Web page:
A new research project at Oxford will examine whether animals benefit or suffer thanks to religion.
Inspired by Baptist Preacher Charles Spurgeon’s claim that a person cannot be a true Christian if his dog or cat is not the better off for it, the Centre will explore whether religious traditions are animal-friendly. The questions to be addressed include whether religious people and religious institutions benefit animals? Are they more or less likely to be respectful to animals – either those kept as companions or those used for other human purposes?
The project is being organised by the Oxford Centre for Animal Ethics. It will be multidisciplinary, multifaith, and draw in not only theologians and religious thinkers, but also other academics including social scientists, psychologists, historians, and criminologists. “We want to know whether religion makes any difference for animals”, says Oxford theologian, Professor Andrew Linzey, who is Director of the Oxford Centre for Animal Ethics. “We often hear of how religion is detrimental to human rights, but is it also detrimental to animal protection?”
The first stage of the project will culminate in a Summer School on Religion and Animal Protection at St Stephen’s House, Oxford, from 21-23rd July 2014. St Stephen’s is an Anglican Theological College and a Hall of the University of Oxford.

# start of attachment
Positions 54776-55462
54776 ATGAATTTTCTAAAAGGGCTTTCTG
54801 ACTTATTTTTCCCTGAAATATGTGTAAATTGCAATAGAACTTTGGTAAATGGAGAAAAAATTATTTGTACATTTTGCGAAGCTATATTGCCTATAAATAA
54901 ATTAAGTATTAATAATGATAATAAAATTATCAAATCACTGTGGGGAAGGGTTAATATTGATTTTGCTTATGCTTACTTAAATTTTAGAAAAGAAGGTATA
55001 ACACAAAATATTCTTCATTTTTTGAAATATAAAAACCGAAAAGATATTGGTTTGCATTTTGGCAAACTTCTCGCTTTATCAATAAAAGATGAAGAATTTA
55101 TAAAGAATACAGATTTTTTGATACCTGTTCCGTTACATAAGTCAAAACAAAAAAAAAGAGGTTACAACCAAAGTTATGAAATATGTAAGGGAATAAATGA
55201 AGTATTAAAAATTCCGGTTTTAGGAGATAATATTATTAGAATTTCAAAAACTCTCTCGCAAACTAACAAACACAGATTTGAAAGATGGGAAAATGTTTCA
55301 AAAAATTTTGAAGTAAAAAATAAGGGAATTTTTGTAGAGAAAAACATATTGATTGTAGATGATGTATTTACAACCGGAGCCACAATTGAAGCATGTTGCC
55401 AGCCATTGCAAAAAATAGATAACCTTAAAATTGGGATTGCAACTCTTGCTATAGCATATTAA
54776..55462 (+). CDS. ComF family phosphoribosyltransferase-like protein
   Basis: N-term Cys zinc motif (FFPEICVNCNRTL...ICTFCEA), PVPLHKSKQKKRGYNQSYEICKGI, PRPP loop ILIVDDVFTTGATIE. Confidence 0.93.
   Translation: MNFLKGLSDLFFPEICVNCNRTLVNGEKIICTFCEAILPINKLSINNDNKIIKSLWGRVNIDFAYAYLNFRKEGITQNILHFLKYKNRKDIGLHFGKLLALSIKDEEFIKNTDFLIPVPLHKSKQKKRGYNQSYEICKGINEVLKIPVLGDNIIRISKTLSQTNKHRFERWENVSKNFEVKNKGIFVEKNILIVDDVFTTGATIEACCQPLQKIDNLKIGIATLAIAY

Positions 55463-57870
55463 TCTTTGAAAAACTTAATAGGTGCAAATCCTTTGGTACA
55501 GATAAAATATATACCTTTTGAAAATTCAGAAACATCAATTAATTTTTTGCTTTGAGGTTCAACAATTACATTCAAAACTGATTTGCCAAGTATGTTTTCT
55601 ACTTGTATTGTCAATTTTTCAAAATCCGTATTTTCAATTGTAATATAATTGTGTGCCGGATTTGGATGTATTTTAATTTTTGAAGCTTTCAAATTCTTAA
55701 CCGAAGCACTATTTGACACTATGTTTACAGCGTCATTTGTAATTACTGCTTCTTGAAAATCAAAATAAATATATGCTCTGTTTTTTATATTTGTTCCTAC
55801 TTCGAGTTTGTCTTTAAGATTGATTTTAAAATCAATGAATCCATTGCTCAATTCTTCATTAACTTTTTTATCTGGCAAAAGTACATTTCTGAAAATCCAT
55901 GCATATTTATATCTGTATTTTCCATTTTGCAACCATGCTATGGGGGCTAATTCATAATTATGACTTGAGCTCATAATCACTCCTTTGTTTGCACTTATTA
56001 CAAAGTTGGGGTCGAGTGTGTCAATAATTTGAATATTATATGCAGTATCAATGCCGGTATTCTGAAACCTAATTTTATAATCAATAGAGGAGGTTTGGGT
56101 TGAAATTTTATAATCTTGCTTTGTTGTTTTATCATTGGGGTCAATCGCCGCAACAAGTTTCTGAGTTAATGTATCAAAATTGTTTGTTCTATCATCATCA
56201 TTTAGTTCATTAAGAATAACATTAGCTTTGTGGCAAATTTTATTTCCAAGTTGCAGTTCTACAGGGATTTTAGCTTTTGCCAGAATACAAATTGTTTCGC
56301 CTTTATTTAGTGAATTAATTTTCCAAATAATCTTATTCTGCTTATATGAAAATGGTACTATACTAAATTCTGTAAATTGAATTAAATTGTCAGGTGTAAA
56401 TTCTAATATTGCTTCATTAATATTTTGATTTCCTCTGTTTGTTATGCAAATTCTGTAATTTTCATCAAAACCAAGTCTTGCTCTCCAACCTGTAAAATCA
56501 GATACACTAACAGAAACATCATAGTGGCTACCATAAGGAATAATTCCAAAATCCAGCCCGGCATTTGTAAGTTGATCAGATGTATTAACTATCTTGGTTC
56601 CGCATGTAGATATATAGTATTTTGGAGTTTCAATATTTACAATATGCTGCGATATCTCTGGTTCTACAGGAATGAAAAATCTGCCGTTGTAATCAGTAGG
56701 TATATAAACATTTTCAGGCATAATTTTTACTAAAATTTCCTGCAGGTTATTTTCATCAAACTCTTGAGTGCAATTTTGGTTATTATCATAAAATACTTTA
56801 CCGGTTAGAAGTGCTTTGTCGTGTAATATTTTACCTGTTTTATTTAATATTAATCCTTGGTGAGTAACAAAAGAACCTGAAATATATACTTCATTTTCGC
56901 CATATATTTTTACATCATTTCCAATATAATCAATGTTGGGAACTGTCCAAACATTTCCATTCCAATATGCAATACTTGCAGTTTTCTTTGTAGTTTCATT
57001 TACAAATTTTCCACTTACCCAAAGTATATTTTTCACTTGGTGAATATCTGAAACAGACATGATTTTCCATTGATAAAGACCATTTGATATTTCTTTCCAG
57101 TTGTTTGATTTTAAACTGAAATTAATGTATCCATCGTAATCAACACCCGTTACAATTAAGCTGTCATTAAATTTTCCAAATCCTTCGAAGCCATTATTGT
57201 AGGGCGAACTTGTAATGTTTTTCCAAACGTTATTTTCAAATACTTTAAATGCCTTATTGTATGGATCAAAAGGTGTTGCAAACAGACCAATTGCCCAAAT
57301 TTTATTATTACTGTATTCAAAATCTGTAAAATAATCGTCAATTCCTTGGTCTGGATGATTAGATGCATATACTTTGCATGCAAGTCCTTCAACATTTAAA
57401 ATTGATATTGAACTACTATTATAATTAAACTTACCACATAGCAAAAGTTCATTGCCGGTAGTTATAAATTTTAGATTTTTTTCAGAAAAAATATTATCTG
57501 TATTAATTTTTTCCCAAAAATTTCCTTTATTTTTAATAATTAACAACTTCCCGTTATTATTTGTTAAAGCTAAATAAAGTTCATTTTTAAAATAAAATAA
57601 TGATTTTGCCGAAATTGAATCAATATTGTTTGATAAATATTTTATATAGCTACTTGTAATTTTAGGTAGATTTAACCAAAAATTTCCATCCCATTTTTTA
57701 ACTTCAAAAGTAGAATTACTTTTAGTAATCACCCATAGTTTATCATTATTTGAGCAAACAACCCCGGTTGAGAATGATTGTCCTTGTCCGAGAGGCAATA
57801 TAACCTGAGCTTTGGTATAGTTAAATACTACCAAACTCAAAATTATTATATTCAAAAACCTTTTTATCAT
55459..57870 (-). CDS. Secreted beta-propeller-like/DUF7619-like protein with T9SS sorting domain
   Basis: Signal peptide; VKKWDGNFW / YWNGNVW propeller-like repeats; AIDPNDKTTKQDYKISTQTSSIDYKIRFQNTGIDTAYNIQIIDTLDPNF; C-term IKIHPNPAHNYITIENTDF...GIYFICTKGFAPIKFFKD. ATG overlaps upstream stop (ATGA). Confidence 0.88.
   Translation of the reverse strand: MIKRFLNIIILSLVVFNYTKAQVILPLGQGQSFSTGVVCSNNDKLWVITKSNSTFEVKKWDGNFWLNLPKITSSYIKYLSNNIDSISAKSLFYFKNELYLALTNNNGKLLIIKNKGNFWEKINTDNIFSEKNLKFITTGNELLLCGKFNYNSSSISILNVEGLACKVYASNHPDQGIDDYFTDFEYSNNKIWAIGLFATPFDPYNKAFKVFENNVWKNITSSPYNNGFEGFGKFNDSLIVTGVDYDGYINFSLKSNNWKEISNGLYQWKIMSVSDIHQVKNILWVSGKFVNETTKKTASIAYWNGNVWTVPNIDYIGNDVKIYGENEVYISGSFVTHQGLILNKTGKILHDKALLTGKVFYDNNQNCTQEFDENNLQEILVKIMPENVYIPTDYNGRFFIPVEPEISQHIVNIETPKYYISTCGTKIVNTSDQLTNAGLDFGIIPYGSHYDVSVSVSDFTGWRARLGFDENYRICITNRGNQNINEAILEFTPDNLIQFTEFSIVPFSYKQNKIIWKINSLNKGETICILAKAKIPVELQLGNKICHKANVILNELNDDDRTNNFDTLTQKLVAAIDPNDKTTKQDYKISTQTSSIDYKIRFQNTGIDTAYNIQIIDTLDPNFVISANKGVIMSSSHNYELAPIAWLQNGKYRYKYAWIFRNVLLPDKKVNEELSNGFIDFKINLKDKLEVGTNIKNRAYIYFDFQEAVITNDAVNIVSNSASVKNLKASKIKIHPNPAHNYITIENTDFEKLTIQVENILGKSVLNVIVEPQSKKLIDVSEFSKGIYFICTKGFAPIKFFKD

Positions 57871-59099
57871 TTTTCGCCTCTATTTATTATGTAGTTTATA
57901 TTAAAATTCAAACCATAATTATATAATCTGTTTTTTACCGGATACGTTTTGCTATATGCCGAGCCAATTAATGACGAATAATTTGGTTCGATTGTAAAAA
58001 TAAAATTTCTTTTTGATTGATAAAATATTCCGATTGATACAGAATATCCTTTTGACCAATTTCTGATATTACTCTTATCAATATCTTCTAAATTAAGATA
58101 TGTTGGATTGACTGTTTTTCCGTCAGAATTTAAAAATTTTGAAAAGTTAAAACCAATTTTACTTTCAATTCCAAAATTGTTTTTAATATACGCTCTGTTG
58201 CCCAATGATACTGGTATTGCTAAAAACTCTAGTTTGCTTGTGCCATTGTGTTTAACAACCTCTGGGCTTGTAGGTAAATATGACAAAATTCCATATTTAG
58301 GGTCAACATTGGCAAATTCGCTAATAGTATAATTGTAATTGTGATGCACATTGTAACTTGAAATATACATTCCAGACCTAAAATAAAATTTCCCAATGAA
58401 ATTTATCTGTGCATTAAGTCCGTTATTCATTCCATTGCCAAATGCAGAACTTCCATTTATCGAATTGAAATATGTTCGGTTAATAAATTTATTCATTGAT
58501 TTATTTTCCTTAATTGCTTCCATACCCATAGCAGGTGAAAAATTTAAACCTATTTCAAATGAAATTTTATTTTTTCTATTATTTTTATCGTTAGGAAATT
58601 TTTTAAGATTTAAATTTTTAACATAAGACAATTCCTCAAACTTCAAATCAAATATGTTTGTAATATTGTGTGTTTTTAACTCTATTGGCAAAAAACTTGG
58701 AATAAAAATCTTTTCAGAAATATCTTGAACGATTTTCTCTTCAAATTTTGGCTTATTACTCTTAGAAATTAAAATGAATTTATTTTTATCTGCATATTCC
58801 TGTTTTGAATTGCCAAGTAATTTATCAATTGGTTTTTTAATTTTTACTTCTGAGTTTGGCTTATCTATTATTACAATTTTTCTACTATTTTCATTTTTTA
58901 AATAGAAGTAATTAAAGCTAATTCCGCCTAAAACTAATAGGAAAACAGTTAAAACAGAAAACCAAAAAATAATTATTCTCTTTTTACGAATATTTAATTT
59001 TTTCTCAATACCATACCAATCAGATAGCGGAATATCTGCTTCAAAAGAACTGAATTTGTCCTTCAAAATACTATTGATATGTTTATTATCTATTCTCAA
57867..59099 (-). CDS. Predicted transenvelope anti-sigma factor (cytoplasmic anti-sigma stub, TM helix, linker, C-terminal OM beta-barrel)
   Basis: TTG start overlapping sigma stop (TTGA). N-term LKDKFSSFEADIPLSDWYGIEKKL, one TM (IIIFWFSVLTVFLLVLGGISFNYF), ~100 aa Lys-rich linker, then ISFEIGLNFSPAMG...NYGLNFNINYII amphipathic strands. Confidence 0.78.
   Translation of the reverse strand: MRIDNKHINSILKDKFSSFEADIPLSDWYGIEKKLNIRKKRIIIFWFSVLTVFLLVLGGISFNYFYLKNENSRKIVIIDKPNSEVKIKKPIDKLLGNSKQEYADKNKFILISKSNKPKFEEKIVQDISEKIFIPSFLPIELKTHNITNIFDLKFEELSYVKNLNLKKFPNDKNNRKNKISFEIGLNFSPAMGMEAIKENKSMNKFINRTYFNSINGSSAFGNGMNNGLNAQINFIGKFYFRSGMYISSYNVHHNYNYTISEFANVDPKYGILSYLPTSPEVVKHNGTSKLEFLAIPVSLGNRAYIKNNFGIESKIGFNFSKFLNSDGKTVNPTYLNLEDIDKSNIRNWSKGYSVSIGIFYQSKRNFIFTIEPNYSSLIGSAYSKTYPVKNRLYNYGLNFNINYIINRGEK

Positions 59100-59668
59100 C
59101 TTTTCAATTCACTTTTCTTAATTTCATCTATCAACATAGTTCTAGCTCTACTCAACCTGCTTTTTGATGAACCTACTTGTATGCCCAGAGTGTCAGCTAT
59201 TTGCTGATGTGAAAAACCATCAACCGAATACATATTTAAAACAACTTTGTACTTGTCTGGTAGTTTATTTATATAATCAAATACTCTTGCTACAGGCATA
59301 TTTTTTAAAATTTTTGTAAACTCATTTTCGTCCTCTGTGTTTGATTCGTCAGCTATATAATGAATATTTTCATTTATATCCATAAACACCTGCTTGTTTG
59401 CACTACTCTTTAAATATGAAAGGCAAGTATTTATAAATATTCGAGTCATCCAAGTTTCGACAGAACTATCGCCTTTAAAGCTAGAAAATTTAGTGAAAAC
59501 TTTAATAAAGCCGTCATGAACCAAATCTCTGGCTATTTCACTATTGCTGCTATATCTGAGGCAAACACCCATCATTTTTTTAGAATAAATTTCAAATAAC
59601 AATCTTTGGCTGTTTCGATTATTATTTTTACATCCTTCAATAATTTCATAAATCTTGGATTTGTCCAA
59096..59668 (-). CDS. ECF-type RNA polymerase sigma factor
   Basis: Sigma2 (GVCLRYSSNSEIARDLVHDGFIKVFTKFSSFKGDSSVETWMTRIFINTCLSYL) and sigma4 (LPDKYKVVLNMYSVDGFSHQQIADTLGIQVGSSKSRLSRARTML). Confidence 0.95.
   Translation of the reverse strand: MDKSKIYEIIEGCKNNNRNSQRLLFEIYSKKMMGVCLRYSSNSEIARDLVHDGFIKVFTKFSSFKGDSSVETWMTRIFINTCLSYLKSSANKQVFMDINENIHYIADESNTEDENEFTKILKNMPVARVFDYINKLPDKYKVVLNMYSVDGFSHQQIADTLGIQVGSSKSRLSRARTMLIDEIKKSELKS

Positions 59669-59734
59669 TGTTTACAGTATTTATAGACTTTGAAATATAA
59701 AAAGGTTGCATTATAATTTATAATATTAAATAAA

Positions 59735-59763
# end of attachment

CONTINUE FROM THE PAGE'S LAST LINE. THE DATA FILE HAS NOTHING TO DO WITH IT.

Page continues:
Academics interested in contributing to the project should contact the Centre’s Deputy Director, Clair Linzey, in the first instance firstname.lastname@example.org or (+44) (0)1865 201565.
About the Oxford Centre for Animal Ethics
The Oxford Centre for Animal Ethics, founded in 2006 by its director Professor Andrew Linzey, is an independent Centre with the aim of pioneering ethical perspectives on animals through academic, research, teaching and publication. The Centre has more than 70 Fellows drawn from a variety of academic disciplines from throughout the world. For more information see www.oxfordanimalethics.com.
The Centre’s current projects include a series of fifteen books on Animal Ethics with Palgrave Macmillan, see http://www.palgrave.com/products/SearchResults.aspx?s=pmaes&fid=1837http://www.palgrave.com/products/SearchResults.aspx?s=pmaes&fid=1837, and the Journal of Animal Ethics published by the University of Illinois Press, see http://www.press.uillinois.edu/journals/jane.html.
The Reverend Professor Andrew Linzey is a Member of the Faculty of Theology, University of Oxford. He has written or edited 20 books, including Animal Theology (SCM Press/University of Illinois Press, 1994) and Creatures of the Same God (Winchester University Press, 2007).